Crafting a Clear Nonprofit Communication Strategy

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The 2 Cs of Communication: Clarity and Connection

The first thing a nonprofit needs to do when assessing their communication strategy is to ask themselves, “What do we do?” and “What do we want others to do?”

DSC00900Sharon Sampson, CEO of Open Book Communications said often times when she looks at a nonprofit organization she can’t boil down what they do, and what they want others to do.

“Often times the call to action isn’t clear, because there’s a lot of calls to action (volunteer, donate, pray, advocate). It’s tempting to say all of it, but you risk losing clarity,” said Sampson.


Get to the “WHY” as soon as possible –both why you do what you do, and why your audience should care.Stakeholders need to be equipped with a simple way of understanding what do you do and the difference it makes. That has to be more than a list of programs or outputs. Your “WHY” has to drive deeper to the mission and outcomes that make donors and stakeholders feel part of something larger than themselves.

Nonprofits tend to operate in the abstracts, unlike private companies who are selling products. DSC00904If you aren’t careful, you may confuse your user about what you do, and what you want them to do.

“If you only use abstract words (like hope, grace, or movement) and show generic pictures (like smiling kids), that creates a cycle of misunderstanding your specific mission,” said Sampson.

[message type=”simple”]3 Key Things Working Against You:

  1. People are in hurry. Most visitors spend less than 15 seconds on a website.
  2. People are on their phones. Only so much of your website fits on a small screen.
  3. People forget. They may hear your message, but can’t articulate it later.[/message]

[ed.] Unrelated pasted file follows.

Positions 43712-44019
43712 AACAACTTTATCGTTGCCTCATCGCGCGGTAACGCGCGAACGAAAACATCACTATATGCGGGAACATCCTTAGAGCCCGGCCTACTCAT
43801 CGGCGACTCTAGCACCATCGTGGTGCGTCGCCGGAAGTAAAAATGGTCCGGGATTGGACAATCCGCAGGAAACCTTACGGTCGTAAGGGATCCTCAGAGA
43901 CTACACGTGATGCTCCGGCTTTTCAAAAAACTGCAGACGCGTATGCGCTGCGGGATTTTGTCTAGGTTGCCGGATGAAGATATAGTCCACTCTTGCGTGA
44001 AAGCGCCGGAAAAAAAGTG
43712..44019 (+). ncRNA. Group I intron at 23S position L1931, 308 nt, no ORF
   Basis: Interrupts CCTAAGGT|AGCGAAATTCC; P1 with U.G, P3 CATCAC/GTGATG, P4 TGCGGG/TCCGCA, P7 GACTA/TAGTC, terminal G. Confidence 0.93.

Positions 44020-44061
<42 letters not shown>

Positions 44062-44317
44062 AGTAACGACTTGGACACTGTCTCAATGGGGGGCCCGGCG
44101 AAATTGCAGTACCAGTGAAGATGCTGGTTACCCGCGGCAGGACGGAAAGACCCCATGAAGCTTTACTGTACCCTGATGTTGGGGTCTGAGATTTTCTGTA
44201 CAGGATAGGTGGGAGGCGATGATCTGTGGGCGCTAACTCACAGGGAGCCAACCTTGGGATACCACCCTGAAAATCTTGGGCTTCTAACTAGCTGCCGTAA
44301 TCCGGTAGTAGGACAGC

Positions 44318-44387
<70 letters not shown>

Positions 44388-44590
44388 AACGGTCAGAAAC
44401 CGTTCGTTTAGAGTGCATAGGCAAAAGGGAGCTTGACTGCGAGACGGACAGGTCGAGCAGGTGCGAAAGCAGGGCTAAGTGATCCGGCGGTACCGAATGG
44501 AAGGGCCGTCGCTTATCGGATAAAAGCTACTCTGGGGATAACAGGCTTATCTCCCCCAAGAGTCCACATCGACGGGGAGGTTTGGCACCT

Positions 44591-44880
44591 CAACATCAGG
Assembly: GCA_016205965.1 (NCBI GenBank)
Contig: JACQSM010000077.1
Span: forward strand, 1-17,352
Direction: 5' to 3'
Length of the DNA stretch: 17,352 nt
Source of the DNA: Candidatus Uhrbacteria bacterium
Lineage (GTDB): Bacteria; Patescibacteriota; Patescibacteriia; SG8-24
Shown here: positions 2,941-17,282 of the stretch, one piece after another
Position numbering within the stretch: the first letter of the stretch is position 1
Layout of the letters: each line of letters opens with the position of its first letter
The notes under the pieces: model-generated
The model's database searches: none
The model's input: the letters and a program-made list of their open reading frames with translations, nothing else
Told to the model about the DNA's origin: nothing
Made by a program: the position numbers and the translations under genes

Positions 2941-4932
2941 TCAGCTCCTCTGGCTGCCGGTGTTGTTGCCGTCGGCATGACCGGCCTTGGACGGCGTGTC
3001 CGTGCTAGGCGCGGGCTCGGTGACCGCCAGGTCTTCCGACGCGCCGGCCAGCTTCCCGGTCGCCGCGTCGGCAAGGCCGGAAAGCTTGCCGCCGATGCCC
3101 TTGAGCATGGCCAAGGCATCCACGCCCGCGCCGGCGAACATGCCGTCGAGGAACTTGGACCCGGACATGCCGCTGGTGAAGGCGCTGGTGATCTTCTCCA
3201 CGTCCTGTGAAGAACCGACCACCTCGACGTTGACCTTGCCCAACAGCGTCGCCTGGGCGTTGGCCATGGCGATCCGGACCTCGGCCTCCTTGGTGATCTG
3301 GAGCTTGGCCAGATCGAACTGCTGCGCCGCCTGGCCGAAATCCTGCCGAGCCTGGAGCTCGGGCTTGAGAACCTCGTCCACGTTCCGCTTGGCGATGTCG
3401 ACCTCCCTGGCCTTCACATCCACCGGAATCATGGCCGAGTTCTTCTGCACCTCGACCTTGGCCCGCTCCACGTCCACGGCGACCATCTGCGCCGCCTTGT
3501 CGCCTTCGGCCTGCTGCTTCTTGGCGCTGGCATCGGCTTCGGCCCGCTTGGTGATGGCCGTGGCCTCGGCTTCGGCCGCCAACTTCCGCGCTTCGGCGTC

Focus on forging a connection. Connection is your goal, you have to make a connection with a person in a human way. Being relentlessly relational is central to building a connection with your audience.

[pullquote style=”left” quote=”dark”]I define connection as the energy that exists between people when they feel seen, heard, and valued… and when they derive sustenance and strength from the relationship.[/pullquote]

Humans connect both through the head and the heart. You need to find the balance with concrete data and statistics to appeal to the head, as well as abstract inspiration to appeal to the heart.

“If you only lead with facts, figures, statistics, you are missing the heartbeat of your organization. If you only lead with inspirational stories, your mission can seem baseless or vague,” said Sampson.

Brene Brown, a sociologist and researcher defines connection as, “the energy that exists between people when they feel seen, heard, and valued… and when they derive sustenance and strength from the relationship.”DSC00889

We are fundamentally hard-wired for connection and built for relationship. We are more motivated when we are connected to others. You want partners, so you have to get to the WHY of your organization, past the WHAT your organization does and HOW it does it. Then embed that WHY answer into everything.

The WHY: Mission, Not Motive

Mission is not your mission statement. A motive prompts, but a mission activates. The WHY mission is relational in nature versus being transactional. [pullquote style=”right” quote=”dark”]A motive prompts, but a mission activates.[/pullquote] Sharon Sampson suggests reading Simon Sinek’s book, “Start with Why” or listening to Sinek’s Ted Talk to help you understand the concept of leading with the WHY.